Longtime US diplomat Ross tells i24NEWS Trump's Jerusalem move poorly executed
Longtime American diplomat and author Ambassador Dennis Ross told i24NEWS that he supports US President Donald Trump's decision to declare Jerusalem the capital of Israel, and attributed some of the backlash against the move to poor execution.
"For me the Jerusalem decision, as I've said, I had less of a problem with what it was and more of a problem with how it was done," Ross continued, suggesting that Trump did not give other countries in the region sufficient warning before making the announcement.
"I would have preferred that when the administration exercised the waiver last June, that the administration would have quietly gone to different Arab leaders, to Sissi, Abdullah, Salman, and said: ‘I exercised the waver, if I do it again I'm going to marry it to a statement about it being Israel's capital. Now I don't want to do it in a way that undercuts your political space or your ability to be responsible when we present a plan, so before I do it let's discuss what are the things I could say that will create less of a problem for you,’” Ross proposed.
“But this was done as sort of a surprise and the ground wasn't prepared," he added.
Ross says he does not have high hopes for the ability to reach a peace deal between Israelis and Palestinians in the current political climate.
“I think there is potential but I also think the overall climate right now is not good, and I don't see it getting better soon," Ross said, asserting that the elusive peace deal the Trump administration has promised to present will not be welcomed warmly.
"Right now whatever is presented will almost certainly produce a 'no', and good ideas presented at the wrong time become wrong ideas," Ross said, adding that "the Palestinians are distancing themselves more from the US each day."
In a wide-ranging interview, the US diplomat who has served in four presidents’ administrations expressed his reservations about Trump’s foreign policy and reflected on his time as a Middle East aide under former president Barack Obama.
Ross attributes much of the sometimes acrimonious relationship between Obama and Israel to a matter of miscommunication. Obama, Ross asserts, was a true friend of Israel and implemented supportive policy but failed to gain the acceptance of the Israeli public.
"One of the great ironies about Obama was that he wasn't a great communicator-in-chief within the United States either," said Ross. "He was very successful as a candidate twice but he wasn't as successful at selling his policies, even the JCPOA, the Iran nuclear deal, the polling at the time was negative...Israel was not the only issue on which he turned out not to be a great framer of his policies to sustain them, which is ironic because he was such a great communicator."
"Somehow, the translation from speeches into policies, there was never a kind of linear development," Ross said. "He came in convinced that the Bush administration had been too close to Israel and he needed to create a distance and he didn't think through what the implications of that would be with the Israeli public."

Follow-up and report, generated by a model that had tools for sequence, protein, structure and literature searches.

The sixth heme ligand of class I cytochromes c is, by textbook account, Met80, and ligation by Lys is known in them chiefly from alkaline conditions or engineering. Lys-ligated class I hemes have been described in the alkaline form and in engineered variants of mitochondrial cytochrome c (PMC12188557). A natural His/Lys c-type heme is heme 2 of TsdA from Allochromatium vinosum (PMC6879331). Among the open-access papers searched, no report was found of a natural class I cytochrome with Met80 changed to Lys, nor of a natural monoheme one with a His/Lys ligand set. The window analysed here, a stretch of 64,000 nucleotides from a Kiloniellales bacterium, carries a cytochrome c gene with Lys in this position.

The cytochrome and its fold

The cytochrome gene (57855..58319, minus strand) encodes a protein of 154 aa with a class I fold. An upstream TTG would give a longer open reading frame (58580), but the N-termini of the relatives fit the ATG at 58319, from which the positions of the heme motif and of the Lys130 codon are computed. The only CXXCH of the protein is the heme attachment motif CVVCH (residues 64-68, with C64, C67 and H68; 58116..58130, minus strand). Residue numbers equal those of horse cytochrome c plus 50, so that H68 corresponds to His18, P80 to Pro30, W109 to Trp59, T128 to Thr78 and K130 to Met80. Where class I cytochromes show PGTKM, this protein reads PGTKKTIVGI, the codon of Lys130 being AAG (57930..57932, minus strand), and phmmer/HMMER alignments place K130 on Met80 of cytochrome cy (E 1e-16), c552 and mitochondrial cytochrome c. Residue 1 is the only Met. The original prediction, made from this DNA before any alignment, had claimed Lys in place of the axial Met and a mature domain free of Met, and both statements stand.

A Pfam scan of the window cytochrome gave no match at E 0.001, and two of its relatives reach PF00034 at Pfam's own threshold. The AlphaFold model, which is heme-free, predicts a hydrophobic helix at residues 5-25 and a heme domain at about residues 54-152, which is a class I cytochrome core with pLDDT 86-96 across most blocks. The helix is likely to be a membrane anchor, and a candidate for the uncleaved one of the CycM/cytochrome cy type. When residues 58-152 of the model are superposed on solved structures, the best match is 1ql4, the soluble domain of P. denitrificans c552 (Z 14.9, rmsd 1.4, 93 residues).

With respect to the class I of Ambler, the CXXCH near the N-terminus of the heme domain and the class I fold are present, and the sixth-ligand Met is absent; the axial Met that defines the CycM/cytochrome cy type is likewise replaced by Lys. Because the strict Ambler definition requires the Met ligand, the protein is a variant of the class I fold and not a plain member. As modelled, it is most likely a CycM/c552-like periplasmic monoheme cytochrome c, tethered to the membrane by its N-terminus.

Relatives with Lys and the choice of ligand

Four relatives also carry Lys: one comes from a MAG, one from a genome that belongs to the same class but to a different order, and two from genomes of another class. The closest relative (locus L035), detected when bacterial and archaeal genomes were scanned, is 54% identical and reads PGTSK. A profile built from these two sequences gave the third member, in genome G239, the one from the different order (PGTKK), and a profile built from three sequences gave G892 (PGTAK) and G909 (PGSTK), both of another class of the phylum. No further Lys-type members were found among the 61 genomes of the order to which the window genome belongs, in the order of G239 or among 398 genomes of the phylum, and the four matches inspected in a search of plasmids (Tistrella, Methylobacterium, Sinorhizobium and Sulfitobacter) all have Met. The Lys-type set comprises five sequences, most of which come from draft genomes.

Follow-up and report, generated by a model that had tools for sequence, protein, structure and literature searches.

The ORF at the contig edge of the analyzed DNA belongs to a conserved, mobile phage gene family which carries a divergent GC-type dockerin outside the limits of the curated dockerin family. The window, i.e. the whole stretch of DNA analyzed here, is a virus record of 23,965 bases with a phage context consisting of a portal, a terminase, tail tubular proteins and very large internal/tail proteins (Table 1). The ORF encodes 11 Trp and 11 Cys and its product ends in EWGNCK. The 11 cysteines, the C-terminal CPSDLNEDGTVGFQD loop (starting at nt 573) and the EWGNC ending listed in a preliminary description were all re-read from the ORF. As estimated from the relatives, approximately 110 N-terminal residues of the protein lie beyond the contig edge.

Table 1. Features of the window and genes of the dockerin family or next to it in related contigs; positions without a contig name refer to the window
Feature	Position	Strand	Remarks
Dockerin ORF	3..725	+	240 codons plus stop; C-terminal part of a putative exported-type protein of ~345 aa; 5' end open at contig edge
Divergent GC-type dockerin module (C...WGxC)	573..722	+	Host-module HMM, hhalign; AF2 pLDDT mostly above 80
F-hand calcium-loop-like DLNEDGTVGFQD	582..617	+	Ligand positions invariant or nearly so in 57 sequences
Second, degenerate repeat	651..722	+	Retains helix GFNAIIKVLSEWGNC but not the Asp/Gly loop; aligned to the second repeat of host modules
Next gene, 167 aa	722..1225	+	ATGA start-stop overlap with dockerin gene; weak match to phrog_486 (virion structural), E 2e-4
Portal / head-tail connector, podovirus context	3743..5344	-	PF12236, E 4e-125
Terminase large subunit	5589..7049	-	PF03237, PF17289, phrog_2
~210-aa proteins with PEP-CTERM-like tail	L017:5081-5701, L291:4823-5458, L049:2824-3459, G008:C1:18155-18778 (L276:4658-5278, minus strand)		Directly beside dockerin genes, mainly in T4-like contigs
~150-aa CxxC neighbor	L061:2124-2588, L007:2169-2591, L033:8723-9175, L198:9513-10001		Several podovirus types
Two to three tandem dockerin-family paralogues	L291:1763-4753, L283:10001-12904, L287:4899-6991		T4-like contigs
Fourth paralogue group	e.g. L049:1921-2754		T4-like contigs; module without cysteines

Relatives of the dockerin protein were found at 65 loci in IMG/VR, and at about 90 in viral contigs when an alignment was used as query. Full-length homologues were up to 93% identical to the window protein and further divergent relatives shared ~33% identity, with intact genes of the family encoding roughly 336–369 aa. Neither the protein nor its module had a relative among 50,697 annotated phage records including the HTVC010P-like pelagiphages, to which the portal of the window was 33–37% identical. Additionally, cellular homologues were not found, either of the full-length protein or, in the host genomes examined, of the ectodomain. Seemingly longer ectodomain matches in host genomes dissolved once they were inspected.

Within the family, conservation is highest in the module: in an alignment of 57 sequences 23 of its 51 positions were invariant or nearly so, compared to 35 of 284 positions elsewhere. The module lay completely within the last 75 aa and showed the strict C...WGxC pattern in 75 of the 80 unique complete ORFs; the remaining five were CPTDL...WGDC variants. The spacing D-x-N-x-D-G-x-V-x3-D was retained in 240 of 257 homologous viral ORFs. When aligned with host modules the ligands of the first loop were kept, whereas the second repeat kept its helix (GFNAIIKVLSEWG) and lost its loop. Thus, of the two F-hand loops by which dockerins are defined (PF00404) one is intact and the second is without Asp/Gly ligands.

And while the Trump administration has been publicly very supportive of Israel, Ross says only time will tell whether his government will create policy that matches its rhetoric.
"What we see with the Trump administration is that all the words are great but is the substance great as it relates to security? It means they don't have to do a lot because Obama made the ten year agreement, they are talking about big arms sales to the Arabs but are they really thinking about the qualitative impact on the region?" Ross posited.
Ross, who has written extensively about the need for comprehensive US strategy to counter the rising threat of Iran in the Middle East, said that the Trump administration’s behaviors have yet to match its tough-on-Iran rhetoric.
"They talk a tough game on Iran and there may be a point in the administration where we'll see behavior that reflects it but we're not seeing it yet," Ross said.
Speaking about the Obama administration’s signing of a nuclear accord with Iran, a deal which has been slammed by both Trump and Israel, Ross said that Israel’s potential military action against the Iranian nuclear threat was one of the accord’s driving factors.
"In the Obama administration, the preoccupation with Iran nuclear issues was the Israeli concern -- meaning that if we didn't act with sufficient credibility and seriousness to somehow prevent Iran from becoming a nuclear weapons state, Israel would have no choice but to act militarily because Israel saw it as an existential threat, " Ross said.
While Trump has tried to adopt an approach that largely acts against the positions of the Obama administration, Ross believes that, when it comes to foreign policy in Syria, Trump is walking in Obama’s footsteps.
"I think on Syria there is no change," Ross said. "The administration has basically conceded Syria to the Russians - well are the Russians containing Syria from the Iranians? No, on the contrary."
Emily Rose is a journalist and web editor at i24NEWS.
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